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velvia
Beginner
188 Views

Memory leak?

Hi,

I have a C++ application which is coded this way:

  • The main program does not need much memory (just a few variables). But this main program runs a loop in which we call a function.
  • This function needs about 140 MB of memory to run. The memory is allocated in the function and then released (using RAII).

When I run this program overnight on OSX, here is the data I get from "Activity Monitor", or "top" in terms of memory consumption

  • After the first loop, the program takes 150 MB of memory
  • After 68 loops, the program takes 220 MB of memory
  • After 394 loops, the program takes 480 MB of memory

So it seems that the function, which allocates and deallocated 140 MB of memory, "leaks" about 1 MB each time it is called. In this function, the allocated objects are:

  • My own version of std::vector which I call il::Vector, il::Matrix, il::Tensor. I have used these class in other codes and they seem fine.
  • A class that calls Pardiso from the MKL. Using RAII, I take care of properly deallocating Pardiso memory before I destroy the class (using the phase -1).

I have used Pointer Checker from Intel (on a Linux workstation) and Address Sanitizer from Clang on the program (with smaller inputs though) and they don't detect anything. I don't really know what to do. Is there a way memory fragmentation is responsible for this?

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8 Replies
velvia
Beginner
188 Views

I think that I have found the culprit: the MKL. I use Pardiso, and the following example leaks very slowly: about 0.1 MB every 13 seconds which leads to 280 MB overnight. These are the numbers I get from my simulation.

If you want to give it a try, you can compile it with:

icpc -std=c++11 pardiso-leak.cpp -o main -lmkl_intel_lp64 -lmkl_core -lmkl_intel_thread -liomp5 -ldl -lpthread -lm

The short version of the code that leaks memory is:

#include <iostream>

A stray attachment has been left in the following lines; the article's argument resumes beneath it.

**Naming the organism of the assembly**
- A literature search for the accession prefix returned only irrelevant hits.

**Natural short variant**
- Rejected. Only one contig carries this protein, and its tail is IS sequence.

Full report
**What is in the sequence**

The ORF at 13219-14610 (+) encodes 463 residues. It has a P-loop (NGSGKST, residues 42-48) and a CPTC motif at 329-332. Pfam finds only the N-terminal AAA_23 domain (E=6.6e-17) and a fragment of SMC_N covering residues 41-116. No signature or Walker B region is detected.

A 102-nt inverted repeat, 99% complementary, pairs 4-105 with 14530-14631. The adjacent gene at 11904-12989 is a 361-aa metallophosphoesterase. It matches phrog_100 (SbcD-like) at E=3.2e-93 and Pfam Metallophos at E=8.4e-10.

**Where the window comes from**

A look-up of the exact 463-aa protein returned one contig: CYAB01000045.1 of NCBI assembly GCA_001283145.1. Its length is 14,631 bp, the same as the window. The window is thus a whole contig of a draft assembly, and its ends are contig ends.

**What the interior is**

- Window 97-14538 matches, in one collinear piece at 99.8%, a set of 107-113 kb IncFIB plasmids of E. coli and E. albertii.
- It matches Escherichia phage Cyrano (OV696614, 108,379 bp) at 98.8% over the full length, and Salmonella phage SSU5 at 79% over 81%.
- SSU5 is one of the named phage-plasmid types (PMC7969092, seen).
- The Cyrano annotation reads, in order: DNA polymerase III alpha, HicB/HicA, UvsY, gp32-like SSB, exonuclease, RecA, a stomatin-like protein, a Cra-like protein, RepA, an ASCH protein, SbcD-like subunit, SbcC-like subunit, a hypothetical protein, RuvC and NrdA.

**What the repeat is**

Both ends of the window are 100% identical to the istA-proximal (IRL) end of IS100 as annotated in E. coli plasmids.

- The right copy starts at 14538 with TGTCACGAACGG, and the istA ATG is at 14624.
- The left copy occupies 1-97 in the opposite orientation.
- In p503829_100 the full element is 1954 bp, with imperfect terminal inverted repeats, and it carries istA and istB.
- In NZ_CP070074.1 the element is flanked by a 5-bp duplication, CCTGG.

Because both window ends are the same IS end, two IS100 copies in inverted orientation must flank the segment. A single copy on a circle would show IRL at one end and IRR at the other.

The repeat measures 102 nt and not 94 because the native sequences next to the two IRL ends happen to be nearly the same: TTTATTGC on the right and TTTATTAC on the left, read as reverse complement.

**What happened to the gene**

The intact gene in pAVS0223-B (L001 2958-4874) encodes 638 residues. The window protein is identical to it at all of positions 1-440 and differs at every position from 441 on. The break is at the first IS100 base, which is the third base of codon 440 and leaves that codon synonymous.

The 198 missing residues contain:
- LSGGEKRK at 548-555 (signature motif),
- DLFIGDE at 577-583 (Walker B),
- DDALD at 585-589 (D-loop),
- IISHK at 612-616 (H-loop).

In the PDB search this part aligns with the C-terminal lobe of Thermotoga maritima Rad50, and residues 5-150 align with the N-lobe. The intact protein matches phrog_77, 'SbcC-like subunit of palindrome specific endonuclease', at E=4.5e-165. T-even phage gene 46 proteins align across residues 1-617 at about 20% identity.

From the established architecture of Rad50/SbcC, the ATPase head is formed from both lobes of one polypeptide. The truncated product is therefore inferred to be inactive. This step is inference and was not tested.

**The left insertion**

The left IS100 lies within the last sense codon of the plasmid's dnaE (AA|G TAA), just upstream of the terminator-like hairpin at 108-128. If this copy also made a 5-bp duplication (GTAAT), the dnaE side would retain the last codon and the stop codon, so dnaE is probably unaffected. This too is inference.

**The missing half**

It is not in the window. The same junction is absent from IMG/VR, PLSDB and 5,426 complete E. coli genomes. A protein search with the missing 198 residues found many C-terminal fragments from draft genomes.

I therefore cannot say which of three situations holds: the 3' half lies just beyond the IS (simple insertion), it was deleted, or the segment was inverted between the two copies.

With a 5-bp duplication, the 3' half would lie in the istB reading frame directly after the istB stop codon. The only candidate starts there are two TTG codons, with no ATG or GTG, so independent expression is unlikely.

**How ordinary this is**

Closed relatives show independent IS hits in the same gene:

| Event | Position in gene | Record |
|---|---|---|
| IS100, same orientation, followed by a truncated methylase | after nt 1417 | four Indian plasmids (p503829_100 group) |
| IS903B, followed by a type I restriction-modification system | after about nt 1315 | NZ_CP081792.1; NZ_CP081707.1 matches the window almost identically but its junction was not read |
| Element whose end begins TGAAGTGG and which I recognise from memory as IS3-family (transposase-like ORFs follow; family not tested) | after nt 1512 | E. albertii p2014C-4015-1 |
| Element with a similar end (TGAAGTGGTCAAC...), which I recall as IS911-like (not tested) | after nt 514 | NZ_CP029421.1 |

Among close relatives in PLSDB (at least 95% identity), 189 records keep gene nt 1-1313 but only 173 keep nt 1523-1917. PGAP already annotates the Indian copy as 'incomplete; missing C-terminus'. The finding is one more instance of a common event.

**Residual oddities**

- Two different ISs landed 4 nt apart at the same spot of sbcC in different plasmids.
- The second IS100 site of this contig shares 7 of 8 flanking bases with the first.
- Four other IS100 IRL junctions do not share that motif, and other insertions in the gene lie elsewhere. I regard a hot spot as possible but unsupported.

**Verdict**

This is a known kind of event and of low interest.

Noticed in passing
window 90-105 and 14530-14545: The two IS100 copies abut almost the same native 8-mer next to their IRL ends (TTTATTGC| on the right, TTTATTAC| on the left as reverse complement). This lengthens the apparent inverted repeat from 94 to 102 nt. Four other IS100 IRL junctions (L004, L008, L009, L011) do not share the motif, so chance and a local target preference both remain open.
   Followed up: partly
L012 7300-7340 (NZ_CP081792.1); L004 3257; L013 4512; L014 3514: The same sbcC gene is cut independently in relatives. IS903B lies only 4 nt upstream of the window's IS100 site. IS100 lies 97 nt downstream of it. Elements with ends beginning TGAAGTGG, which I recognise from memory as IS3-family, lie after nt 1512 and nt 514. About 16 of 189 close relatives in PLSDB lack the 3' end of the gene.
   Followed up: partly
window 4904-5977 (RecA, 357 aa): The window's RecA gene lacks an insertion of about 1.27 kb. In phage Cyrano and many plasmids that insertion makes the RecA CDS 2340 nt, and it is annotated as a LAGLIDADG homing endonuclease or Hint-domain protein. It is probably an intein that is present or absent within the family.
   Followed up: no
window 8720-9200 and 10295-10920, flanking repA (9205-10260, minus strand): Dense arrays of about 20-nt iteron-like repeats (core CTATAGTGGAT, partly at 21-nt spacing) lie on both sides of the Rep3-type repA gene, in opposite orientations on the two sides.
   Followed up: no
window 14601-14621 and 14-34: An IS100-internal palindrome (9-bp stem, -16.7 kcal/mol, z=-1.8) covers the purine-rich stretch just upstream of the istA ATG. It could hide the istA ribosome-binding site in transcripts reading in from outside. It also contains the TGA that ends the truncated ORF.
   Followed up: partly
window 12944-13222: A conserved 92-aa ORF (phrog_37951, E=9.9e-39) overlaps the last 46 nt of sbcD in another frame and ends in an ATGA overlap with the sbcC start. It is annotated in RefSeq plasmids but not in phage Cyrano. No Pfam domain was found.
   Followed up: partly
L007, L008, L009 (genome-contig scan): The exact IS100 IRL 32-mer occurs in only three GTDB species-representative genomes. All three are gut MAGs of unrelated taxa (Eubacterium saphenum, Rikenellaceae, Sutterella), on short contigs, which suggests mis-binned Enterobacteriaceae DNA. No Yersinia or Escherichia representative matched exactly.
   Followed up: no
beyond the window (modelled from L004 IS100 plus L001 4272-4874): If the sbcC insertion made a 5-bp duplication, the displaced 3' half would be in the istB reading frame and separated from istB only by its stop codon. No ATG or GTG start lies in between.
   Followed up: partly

#include <vector>

#include "mkl_pardiso.h"
#include "mkl_types.h"

int main (int argc, char const *argv[])
{
  const auto n = std::size_t{1000};
  auto m = MKL_INT{n * n};

  auto values = std::vector<double>();
  auto column = std::vector<MKL_INT>();
  auto row = std::vector<MKL_INT>();

  row.push_back(1);
  for(std::size_t j = 0; j < n; ++j) {
    column.push_back(j + 1);
    values.push_back(1.0);
    column.push_back(j + n + 1);
    values.push_back(0.1);
    row.push_back(column.size() + 1);
  }
  for(std::size_t i = 1; i < n - 1; ++i) {
    for(std::size_t j = 0; j < n; ++j) {
      column.push_back(n * i + j - n + 1);
      values.push_back(0.1);
      column.push_back(n * i + j + 1);
      values.push_back(1.0);
      column.push_back(n * i + j + n + 1);
      values.push_back(0.1);
      row.push_back(column.size() + 1);
    }
  }
  for(std::size_t j = 0; j < n; ++j) {
    column.push_back((n - 1) * n + j - n + 1);
    values.push_back(0.1);
    column.push_back((n - 1) * n + j + 1);
    values.push_back(1.0);
    row.push_back(column.size() + 1);
  }

  auto y = std::vector<double>(m, 1.0);
  auto x = std::vector<double>(m, 0.0);

  auto pardiso_nrhs = MKL_INT{1};
  auto pardiso_max_fact = MKL_INT{1};
  auto pardiso_mnum = MKL_INT{1};
  auto pardiso_mtype = MKL_INT{11};
  auto pardiso_msglvl = MKL_INT{0};
  MKL_INT pardiso_iparm[64];
  for (int i = 0; i < 64; ++i) {
    pardiso_iparm = 0;
  }
  pardiso_iparm[0] = 1;
  pardiso_iparm[1] = 2;
  pardiso_iparm[3] = 0;
  pardiso_iparm[4] = 0;
  pardiso_iparm[5] = 0;
  pardiso_iparm[7] = 0;
  pardiso_iparm[8] = 0;
  pardiso_iparm[9] = 13;
  pardiso_iparm[10] = 1;
  pardiso_iparm[11] = 0;